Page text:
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RightNation.US: The Tyranny of Cliches: Conservatism's Defensive Playbook - RightNation.US

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Four years ago when I reviewed Jonah Goldberg's
Liberal Fascism, I used a football metaphor. I termed it "conservatism's defensive playbook". And I still think that's a good metaphor; however, now that I've finished his newest book, The Tyranny of Cliches: How Liberals Cheat in the War of Ideas, I have to expand it a bit.

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Liberal Fascism is now the basic defense you teach on day one. It gives you the alignment and philosophy from which to work. TOC takes that basic alignment and builds a game plan for each possible offense you might face during the season--that's if your season lasted twenty four games.

Okay, enough sports metaphors. TOC is a book length essay about a collection of rhetorical cheats liberals use when arguing with conservatism. These "cliches" amount mostly to avoiding the question. The example Jonah likes to give when speaking about the book is the "It's better that ten guilty men go free than one innocent man be imprisoned" argument. His point is that it's not really an argument but a way to avoid one. It invariably comes up on college campuses where the discussion is about, say, a cop killer like Mumia Abu Jamal. There's a little back and forth about the evidence against the suspect and then some kid stands up, delivers the cliche and sits down as if he just scored a rhetorical touchdown. Jonah's point is that he's done no such thing. He's repeated something everyone agrees with but has nothing to do with the actual argument at hand. It's just a way to get out of defending a position that's untenable.

He goes on to expose the lack of logic and historical misunderstandings behind the idea that liberals are non-ideological, a pet peeve of mine as well. Liberals are supposed to be "pragmatic" and data driven. Meanwhile, conservatives are slaves to ideology and can't recognize solutions to our nation's problems as a result. So, when confronted with data that shows precious government programs like Head Start don't work, the liberals scrap it and conservatives howl in protest because they can't abide a change in the status quo. Right? Not so much. Time after time, the empirical evidence shows that programs or whole schools of thought underlying liberal policies are flawed or just flat out wrong, yet liberals hang on to them and defend them for no other reason than it's the "moral" thing to do. Or it's "for the children". Or "it's progressive". Whatever the reason, it's an ideological one. No matter how many times a president or governor soaks the rich on taxes and ends up bringing in less revenue, the answer always comes back to "fairness". Obama said as much in a 2008 interview. FDR is constantly portrayed as a pragmatist, but none of his bold, persistent experiments included making government smaller and less intrusive.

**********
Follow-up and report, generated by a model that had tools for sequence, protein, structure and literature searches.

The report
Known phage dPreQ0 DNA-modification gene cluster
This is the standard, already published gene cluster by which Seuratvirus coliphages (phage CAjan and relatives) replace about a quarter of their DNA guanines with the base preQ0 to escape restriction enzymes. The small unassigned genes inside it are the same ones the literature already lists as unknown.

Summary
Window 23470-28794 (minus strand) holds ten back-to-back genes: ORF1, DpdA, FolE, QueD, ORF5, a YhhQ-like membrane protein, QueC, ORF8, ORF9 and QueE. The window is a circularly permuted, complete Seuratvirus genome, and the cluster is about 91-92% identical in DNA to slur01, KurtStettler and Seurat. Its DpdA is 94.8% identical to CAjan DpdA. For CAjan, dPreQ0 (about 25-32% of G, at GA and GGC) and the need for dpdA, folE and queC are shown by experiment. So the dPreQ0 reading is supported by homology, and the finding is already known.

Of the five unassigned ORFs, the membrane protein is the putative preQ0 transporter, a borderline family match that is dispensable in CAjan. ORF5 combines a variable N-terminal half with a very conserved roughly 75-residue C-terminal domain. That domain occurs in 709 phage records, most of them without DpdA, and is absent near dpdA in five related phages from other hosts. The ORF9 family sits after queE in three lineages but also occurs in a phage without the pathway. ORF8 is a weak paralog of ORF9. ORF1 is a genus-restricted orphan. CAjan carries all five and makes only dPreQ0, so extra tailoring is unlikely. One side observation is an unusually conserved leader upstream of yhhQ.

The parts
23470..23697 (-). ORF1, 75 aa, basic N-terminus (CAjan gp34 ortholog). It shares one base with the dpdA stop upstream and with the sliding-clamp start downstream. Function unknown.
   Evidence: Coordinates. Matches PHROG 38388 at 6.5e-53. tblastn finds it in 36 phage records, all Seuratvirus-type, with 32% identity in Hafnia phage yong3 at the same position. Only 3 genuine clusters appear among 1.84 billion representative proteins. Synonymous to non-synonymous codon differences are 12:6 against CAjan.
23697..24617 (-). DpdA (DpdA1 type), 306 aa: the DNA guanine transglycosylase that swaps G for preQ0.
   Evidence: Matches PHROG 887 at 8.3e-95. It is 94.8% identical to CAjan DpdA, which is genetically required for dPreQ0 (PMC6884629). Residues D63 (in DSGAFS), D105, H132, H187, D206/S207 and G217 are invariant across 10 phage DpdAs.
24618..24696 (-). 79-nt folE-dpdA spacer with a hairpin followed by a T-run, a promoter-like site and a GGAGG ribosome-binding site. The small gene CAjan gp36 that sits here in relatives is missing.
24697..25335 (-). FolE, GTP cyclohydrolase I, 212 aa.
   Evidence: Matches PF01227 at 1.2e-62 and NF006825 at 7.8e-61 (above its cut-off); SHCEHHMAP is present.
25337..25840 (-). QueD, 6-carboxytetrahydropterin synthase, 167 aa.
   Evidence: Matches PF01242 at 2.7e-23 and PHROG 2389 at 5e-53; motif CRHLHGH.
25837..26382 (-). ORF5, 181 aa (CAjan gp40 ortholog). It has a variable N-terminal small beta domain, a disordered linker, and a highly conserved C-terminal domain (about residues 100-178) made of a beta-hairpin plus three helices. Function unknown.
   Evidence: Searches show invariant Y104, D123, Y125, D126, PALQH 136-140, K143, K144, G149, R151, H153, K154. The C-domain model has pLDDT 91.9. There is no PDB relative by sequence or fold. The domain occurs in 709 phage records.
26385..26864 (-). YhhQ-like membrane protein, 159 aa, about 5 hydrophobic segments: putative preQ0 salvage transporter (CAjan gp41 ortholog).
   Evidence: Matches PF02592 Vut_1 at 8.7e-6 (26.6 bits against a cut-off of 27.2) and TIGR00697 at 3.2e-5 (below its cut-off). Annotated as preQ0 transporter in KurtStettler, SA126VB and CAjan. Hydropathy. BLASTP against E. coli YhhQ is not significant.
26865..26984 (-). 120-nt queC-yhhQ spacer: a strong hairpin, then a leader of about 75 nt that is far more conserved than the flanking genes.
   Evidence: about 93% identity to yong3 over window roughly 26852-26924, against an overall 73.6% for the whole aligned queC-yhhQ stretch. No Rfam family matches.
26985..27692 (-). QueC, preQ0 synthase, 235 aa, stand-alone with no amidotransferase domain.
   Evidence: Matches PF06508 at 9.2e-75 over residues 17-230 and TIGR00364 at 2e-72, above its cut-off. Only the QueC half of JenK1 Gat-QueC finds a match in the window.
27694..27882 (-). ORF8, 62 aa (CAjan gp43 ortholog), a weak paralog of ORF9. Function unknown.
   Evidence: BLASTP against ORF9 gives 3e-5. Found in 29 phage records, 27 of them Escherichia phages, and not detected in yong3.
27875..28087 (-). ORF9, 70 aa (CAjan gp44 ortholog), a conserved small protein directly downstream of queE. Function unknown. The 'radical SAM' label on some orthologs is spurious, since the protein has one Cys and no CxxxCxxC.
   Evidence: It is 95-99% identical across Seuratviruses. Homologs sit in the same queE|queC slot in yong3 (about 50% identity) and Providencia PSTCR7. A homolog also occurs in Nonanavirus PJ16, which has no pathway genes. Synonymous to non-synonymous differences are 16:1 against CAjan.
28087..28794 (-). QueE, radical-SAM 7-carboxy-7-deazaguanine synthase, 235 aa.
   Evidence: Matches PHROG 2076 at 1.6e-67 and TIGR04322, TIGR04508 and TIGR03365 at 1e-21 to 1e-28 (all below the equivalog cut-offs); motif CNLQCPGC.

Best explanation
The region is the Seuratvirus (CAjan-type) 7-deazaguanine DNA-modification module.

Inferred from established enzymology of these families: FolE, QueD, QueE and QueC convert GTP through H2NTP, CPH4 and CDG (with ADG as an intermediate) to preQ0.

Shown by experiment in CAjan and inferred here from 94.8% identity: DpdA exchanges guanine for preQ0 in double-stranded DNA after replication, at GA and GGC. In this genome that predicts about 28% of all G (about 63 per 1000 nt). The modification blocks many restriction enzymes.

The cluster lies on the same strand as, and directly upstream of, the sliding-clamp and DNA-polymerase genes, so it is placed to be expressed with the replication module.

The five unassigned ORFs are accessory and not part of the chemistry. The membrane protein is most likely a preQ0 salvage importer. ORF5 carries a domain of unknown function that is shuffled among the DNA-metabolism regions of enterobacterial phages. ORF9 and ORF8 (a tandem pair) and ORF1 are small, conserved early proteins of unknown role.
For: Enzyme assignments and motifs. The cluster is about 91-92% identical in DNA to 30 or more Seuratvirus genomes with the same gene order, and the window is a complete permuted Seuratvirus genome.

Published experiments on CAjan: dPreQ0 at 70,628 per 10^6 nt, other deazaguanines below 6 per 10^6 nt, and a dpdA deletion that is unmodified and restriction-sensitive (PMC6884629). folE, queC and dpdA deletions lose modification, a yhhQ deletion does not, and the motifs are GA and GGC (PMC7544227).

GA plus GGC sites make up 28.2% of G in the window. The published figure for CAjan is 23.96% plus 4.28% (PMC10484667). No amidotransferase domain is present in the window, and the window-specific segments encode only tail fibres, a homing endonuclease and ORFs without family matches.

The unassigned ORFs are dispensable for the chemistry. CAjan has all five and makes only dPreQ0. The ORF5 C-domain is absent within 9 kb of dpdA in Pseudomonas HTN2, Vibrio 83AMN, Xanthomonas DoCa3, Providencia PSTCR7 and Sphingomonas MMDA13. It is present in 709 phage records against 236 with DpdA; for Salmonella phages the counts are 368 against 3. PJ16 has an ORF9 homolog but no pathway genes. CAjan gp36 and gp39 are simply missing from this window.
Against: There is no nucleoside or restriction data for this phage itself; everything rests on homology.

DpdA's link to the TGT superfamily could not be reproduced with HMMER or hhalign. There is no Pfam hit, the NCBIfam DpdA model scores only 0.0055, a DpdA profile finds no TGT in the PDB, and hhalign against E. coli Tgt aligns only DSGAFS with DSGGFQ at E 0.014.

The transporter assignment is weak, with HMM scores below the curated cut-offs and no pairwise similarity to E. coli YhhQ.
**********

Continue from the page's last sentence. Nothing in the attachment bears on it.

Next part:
It's as if we are just supposed to take their word for it. Like Kramer telling Jerry, "Oh, we're pragmatic." (I don't think he ever said that, but you can picture him saying it. Or is that just me? Just me? Okay, fine. Back to the review.)

The rest of the book debunks and unpacks related cliches such as my favorite, separation of church and state. Goldberg makes some of the same arguments I tried to make in that little marathon tiff I had with a few readers years back. Namely the idea that states themselves had official churches for much of the 18th century and didn't disestablish them because of some court ruling or other federal intervention. Nor was there ever a problem with local authorities engaging in official displays of faith. Goldberg describes himself as a mostly secular Jew, yet he gets this and doesn't extrapolate from it that school children would be forced to bow before the cross every morning. It's a liberal cliche to insist that separation of church and state is absolute and to do so without regard to history or original intent.

In all chapters, he offers some tasty nuggets of historical context. My favorites being his take down of Gandhi (yeah, that Gandhi. Dude was kind of an anti-Semitic jerk but don't expect liberals to cop to it) and his history behind the phrase "social justice". Glenn Beck went back to Father Coughlin's usage a few years ago, but Jonah takes it all the way back to its original meaning in the Catholic Church. It's very interesting how the thing mutated into a catch all phrase for everything good according to liberal dogma.

Finally, I love his take on unity. Much like the description of how conservatives are the ones standing athwart history and yelling "stop", we are also the ones who have to brace against the hurricane force winds of the mob mentality and say, "you will not lynch this man today." What a great line. And the book is full of them.

The only regret I have is that I didn't buy the dead tree version. I've made quite a few converts with Liberal Fascism, and I think I could make even more with TOC since it's a much easier read. But, I guess there's always the paperback version coming out later. Still, it'd be nice to have some copies to throw around to friends and colleagues this election year.

In other words, you can't borrow mine, so go buy it. And you're all rich, so buy multiple copies.

My Mind is Clean

2 Comments On This Entry

These days, I've taken to thinking, "If you have to qualify 'justice' with an adjective, it's no longer justice."

moocow, on 21 May 2012 - 03:48 PM, said:

These days, I've taken to thinking, "If you have to qualify 'justice' with an adjective, it's no longer justice."

Pretty much works like that with any word. "Compassionate Conservatism", "Social Gospel", heck even "drive by shooting" means you probably aren't hitting the intended target.

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